Human-centered AI has become a common calling card for proponents of ML-based AI, whether as a genuine end or a means to societal acquiescence and quelling of resistance, the fate of the human in the AI-human dyad remains desperately in need of scrutiny. Holding fixed the human factor, all eyes focus on the dazzling array of AI-driven systems — from decision algorithms to robotic controls.
Shifting the spotlight to the human, the Cluster on AI and Humanity is organized around a growing concern about the future of humanity – individuals, groups, societal institutions and values – shaped, manipulated, and challenged by the imperatives of AI. The Cluster is organized around three themes: 1) human-in-the-loop; 2) human-AI (human-robot) complementarity; and 3) machine-readable (legible) humans. Motivated by the premise that no single discipline is equipped to address these questions independently, the cluster includes participants from the fields of law, social sciences, computer science, and humanities. Its aims are to learn from one another about promising past and ongoing research, and ultimately, to invigorate field-defining future research.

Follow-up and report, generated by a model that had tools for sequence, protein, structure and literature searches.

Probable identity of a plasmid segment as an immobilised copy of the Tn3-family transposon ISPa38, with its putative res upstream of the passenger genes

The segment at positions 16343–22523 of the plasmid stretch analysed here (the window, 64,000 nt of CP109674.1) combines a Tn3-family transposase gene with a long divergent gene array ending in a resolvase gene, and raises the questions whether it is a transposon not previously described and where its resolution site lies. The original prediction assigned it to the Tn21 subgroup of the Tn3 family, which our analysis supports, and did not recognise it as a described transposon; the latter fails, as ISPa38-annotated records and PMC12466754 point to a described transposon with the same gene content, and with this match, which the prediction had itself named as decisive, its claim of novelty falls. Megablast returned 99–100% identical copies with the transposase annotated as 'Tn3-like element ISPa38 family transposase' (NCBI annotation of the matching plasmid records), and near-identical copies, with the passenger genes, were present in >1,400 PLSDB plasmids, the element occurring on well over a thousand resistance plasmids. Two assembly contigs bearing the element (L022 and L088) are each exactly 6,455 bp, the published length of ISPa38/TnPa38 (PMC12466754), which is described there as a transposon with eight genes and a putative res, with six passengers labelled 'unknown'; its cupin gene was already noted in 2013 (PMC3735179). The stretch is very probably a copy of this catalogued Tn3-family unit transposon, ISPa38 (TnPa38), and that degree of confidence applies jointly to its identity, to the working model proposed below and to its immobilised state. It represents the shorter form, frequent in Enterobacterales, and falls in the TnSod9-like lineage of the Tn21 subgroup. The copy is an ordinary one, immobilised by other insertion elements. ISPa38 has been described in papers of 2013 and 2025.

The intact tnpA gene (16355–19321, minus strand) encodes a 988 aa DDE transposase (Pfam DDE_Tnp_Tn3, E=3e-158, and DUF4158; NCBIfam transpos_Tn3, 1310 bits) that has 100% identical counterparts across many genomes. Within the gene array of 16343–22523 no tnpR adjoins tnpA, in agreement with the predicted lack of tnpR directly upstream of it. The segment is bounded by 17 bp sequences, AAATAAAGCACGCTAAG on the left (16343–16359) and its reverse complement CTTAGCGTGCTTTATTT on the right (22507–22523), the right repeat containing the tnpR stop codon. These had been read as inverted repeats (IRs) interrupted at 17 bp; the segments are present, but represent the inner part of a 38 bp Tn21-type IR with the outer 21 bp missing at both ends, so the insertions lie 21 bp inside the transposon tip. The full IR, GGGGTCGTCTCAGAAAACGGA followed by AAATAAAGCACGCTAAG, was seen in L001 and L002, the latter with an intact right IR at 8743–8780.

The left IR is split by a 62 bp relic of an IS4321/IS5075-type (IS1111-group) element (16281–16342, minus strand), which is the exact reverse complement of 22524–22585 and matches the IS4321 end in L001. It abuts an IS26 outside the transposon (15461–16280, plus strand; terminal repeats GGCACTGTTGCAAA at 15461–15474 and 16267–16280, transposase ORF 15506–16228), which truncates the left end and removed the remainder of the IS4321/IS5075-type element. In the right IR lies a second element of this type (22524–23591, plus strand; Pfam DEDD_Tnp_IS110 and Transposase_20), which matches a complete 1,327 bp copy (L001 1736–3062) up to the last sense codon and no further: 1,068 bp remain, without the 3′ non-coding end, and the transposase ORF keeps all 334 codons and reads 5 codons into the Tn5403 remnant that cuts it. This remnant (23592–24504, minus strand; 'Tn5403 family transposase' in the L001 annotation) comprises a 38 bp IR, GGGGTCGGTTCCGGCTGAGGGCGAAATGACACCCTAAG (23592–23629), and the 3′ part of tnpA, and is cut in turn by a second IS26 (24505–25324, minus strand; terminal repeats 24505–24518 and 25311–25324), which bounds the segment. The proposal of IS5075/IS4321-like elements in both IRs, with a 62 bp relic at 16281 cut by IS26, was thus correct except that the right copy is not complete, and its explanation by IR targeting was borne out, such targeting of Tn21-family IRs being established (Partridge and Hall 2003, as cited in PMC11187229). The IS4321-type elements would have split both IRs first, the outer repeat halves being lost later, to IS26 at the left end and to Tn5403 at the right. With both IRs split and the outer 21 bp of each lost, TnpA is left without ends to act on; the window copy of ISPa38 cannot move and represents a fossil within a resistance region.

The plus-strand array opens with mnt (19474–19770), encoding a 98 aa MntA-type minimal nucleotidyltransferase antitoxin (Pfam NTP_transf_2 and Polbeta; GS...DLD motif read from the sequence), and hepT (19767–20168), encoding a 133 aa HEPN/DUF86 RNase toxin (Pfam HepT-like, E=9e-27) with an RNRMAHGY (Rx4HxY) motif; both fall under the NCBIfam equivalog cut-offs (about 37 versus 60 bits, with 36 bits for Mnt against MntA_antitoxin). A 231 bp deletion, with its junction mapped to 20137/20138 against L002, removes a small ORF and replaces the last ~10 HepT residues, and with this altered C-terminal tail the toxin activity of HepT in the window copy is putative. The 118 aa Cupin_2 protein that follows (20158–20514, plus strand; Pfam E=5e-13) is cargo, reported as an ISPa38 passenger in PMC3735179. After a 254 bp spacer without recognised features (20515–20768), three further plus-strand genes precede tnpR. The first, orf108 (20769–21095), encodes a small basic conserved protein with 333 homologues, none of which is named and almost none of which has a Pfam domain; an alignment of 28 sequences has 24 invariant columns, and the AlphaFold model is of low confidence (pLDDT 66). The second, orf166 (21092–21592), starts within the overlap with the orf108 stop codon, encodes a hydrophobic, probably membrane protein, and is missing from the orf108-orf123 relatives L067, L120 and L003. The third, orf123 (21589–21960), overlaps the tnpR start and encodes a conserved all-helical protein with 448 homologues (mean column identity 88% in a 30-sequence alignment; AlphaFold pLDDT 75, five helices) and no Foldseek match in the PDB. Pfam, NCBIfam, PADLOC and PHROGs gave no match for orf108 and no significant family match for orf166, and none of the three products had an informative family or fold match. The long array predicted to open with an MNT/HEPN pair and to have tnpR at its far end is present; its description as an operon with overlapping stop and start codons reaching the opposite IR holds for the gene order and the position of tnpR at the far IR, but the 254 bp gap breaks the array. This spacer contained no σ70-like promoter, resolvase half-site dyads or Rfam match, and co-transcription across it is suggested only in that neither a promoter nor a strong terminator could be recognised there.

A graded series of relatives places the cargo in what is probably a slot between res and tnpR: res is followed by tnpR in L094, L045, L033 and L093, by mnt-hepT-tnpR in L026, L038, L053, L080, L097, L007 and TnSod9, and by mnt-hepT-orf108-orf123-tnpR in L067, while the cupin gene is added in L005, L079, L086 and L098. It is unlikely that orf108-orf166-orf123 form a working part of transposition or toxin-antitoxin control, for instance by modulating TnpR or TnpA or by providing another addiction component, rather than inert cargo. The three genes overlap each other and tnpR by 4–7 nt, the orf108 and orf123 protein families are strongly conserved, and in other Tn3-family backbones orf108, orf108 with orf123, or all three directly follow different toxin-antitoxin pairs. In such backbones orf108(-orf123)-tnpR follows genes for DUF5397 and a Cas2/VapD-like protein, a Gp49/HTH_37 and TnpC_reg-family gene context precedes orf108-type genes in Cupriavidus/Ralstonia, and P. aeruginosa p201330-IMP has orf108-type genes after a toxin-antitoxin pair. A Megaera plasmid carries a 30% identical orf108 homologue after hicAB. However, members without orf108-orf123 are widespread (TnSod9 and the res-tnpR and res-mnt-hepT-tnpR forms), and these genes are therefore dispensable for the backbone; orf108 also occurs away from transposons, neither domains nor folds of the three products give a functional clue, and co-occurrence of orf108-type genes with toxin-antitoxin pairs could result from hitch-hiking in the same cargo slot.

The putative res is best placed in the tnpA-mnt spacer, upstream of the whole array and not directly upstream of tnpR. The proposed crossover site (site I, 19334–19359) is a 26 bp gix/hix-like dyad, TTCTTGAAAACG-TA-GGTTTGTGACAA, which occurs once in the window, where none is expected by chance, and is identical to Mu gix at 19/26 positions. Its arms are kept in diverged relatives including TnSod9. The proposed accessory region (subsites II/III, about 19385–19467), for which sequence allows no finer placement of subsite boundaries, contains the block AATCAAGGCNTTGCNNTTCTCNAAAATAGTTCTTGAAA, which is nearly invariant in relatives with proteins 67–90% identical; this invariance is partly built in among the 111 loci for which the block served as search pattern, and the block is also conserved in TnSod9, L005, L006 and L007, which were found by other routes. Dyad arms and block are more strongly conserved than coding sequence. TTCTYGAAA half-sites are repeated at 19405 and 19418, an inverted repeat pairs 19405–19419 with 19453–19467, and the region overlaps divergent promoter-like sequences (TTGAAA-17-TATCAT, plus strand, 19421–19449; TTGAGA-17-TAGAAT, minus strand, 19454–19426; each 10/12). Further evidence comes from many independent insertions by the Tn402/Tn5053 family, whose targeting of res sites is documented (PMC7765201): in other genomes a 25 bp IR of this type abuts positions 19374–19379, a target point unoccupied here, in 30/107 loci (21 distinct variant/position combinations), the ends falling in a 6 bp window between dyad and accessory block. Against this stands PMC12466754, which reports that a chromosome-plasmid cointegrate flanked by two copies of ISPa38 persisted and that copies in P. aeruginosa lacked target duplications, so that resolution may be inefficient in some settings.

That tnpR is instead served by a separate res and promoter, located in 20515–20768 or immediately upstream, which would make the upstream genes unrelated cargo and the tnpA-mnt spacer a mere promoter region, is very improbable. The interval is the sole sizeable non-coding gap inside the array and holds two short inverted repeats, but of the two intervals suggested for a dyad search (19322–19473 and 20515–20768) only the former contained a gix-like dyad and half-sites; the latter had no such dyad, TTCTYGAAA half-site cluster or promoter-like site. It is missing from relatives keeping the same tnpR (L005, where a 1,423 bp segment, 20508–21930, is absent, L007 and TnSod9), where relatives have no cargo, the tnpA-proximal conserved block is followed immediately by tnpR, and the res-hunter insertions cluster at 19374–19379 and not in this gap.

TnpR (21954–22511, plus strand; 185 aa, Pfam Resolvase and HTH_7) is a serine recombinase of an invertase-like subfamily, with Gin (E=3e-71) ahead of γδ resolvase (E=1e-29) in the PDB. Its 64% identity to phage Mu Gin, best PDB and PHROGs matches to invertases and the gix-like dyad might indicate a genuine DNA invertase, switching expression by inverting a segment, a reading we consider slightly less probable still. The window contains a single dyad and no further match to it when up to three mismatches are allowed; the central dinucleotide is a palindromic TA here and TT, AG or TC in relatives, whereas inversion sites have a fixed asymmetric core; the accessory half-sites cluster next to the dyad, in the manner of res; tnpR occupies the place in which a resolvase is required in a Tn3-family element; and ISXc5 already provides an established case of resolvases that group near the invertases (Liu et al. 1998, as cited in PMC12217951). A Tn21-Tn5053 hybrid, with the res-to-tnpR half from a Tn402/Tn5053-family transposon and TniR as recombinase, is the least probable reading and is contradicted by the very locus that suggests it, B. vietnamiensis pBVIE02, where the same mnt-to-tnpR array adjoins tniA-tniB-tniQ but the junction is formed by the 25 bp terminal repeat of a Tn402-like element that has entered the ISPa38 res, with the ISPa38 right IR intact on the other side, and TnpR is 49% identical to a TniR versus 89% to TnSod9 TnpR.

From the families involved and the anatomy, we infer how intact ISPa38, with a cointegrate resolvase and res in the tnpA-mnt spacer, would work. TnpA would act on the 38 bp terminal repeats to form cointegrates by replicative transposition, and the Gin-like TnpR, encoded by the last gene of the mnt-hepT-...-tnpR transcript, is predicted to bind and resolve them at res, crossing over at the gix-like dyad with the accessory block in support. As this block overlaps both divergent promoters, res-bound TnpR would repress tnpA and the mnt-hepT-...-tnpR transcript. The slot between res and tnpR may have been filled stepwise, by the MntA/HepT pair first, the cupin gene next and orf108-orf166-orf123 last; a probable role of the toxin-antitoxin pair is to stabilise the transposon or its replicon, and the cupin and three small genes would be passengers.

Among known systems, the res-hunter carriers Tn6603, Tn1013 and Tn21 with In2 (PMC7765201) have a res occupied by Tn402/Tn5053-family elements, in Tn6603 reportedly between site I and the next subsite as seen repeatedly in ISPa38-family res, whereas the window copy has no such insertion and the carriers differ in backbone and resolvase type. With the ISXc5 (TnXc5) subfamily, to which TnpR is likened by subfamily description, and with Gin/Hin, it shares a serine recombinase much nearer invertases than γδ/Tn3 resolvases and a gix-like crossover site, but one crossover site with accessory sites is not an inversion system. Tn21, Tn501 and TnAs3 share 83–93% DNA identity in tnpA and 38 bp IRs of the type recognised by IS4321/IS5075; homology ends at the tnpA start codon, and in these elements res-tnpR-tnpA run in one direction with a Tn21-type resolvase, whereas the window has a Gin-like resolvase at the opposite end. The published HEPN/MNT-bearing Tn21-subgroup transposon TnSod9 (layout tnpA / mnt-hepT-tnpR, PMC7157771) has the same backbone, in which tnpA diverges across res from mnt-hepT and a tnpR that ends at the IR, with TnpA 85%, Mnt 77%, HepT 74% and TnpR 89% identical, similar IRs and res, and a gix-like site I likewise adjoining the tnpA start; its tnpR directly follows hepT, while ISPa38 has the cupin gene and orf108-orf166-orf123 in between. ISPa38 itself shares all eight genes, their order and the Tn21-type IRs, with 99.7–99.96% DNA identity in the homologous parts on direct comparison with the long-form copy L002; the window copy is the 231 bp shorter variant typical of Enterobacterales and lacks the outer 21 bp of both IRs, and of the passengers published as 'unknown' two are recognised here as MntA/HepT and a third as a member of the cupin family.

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Helen Nissenbaum (Information Science and Digital Life Initiative, Cornell Tech; chair), Thomas Gilbert (Digital Life Initiative, Cornell Tech), Jake Goldenfein (University of Melbourne Law School), Connal Parsley (University of Kent Law School), Qian Yang (Information Science, Cornell University)